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I understand the meaning of the in the following sentences:

The man who lives next door is Chinese.

No one expected the results that were found.

There can only be one man and a single instance of results.

But what about sentences such as:

The journey to Vancouver takes three days by train.

(The sentence is from this guide)

On one hand, this isn't just any journey, but the journey to Vancouver, therefore the is justified.

Yet it also sounds like a general statement to me, similar to: "All journeys to Vancouver take three days by train". As opposed to, say, the journey I took last week.

To add to my confusion, there is this sentence from Cambridge Grammar of English:

Furniture of that quality is too good for a student flat.

Here, the isn't used, with the explanation being "all and any furniture of that quality".

How to discern whether such sentences refer to general statements that don't use the, or specific instances that require the? Is the use of the a matter of preference here or a hard rule exists?

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Regarding your first example sentence:

The journey to Vancouver takes three days by train.

This is the so-called generic use of the definite article, like in

The Siberian husky makes a good sled dog. (This statement is not about some particular husky. The is used generically to refer to the members of a class in toto.)

With a count noun like "Siberian husky" you have three options to express generic reference

The Siberian husky makes a good sled dog. (the + singular form)
A Siberian husky makes a good sled dog. (a + singular form)
Siberian huskies make good sled dogs. (no article + plural form)

However, the three options are in free variation only when "Siberian husky" is the subject in the clause. When we use such a phrase as object, it might not be generic in all three variations. For instance, only option 1 below will refer to "Siberian huskies" as a species:

  1. Geneticists have been working to improve the Siberian husky. (the species as a whole)
  2. Geneticists have been working to improve a Siberian husky. (some particular dog, not the species)
  3. Geneticists have been working to improve Siberian huskies. (most likely some subset of the species, for instance, a group of 100 dogs and their progeny)

Regarding your second example sentence:

Furniture of that quality is too good for a student flat. (with "∅" denoting the absence of an article)

Furniture is a concrete noncount noun. "Concrete" in the sense that it could be felt by hand, "noncount" in the sense that you can't have 1 furniture, 2 furnitures, 3 furnitures etc.

According to Quirk et al., we can omit the before a concrete noncount noun, although we tend to add the when such a noun is postmodified by an of-phrase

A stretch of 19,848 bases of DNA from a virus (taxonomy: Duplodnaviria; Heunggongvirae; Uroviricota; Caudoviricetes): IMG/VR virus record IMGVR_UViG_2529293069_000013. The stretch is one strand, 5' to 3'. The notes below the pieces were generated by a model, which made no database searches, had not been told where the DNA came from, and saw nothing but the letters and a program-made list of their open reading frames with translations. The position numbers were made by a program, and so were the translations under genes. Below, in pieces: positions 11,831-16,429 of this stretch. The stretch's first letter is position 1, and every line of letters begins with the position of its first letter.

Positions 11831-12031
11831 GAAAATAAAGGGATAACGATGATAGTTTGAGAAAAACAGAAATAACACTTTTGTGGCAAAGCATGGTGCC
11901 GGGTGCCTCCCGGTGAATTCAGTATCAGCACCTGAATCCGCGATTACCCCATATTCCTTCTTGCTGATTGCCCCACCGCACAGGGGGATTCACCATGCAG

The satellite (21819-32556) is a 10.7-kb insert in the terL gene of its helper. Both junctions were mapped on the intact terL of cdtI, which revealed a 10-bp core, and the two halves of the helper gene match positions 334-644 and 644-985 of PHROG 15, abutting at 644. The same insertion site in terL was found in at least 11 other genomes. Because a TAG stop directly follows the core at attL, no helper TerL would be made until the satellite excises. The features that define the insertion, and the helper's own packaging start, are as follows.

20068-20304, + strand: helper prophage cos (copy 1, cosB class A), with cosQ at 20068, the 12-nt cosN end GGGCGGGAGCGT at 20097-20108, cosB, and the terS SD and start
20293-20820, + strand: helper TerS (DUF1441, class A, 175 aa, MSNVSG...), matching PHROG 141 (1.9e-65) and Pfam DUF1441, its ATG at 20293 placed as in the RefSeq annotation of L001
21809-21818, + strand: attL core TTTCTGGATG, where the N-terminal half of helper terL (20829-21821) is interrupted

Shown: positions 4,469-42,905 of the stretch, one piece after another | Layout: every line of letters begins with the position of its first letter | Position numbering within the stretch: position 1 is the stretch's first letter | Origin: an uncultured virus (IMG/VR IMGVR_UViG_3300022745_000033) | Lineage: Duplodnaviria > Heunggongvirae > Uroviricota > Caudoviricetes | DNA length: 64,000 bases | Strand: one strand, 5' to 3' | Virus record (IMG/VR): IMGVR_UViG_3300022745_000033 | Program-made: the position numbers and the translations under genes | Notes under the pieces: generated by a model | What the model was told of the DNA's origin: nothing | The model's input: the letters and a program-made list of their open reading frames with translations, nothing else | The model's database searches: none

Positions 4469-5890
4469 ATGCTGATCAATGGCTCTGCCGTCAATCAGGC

This museum specializes in 18th century furniture (pre-modified by "18th century)
This museum specializes in the furniture of the 18th century (post-modified by an "of-phrase")

Quirk et al. write that the use of the in such cases elicits a slight contract: without the, we understand "18th century furniture" in the widest possible sense. With the, the sentence allows the interpretation that the museum specializes in only some kinds of 18th century furniture.

So Quirk et al. write that in these cases (with concrete non-count nouns postmodified by "of-phrases") it is to a lesser or greater degree acceptable to omit the, probably in order to impart the widest possible sense to the phrase:

The museum specializes in furniture of the 18th century.


Reference:

Quirk et al., "A Comprehensive Grammar of the English Language", Chapter 5.52, The articles in generic reference, and Chapter 5.58, The articles with abstract noncount nouns.

John Lawler, "Re: A question about the generic use of articles", in "Ask a Linguist", University of Michigan, May 1997

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English as a whole is often subject to the speaker's preference, so you're right to suspect that there may not be a hard-and-fast rule here. That said, I'll try to clarify the reasoning behind the specific cases you brought up.

Your reasoning is correct on these first ones.

The man who lives next door is Chinese.

No one expected the results that were found.

Notice that "man" and "results" in this context do not refer to a general group of things, although they could in another context. For example:

Man is a fickle creature.

which refers to mankind as a whole (i.e., man in general), and

We promise our product will bring results!

which refers to a more general concept of "good things happening", not to specific results. By way of counterexample,

We promise our product will bring you the results you want!

referring to the specific results you have in mind. A subtle difference, I know.

In the case of

The journey to Vancouver takes three days by train.

we use "the" because 1) like you mentioned, all journeys take the same amount of time and 2) a journey is a single thing, not a general noun or concept.

On the other hand, in

Furniture of that quality is too good for a student flat.

describes a general group of things using the singular noun "furniture", not a specific item or specific group of items. As a counterexample, if we were talking about the items of furniture in someone's specific flat, we might say

The furniture in that apartment is too good for it.

Hopefully that helped. This is one of those things where you'll probably need to read and hear many examples in context to get an instinct for when and when not to use "the".

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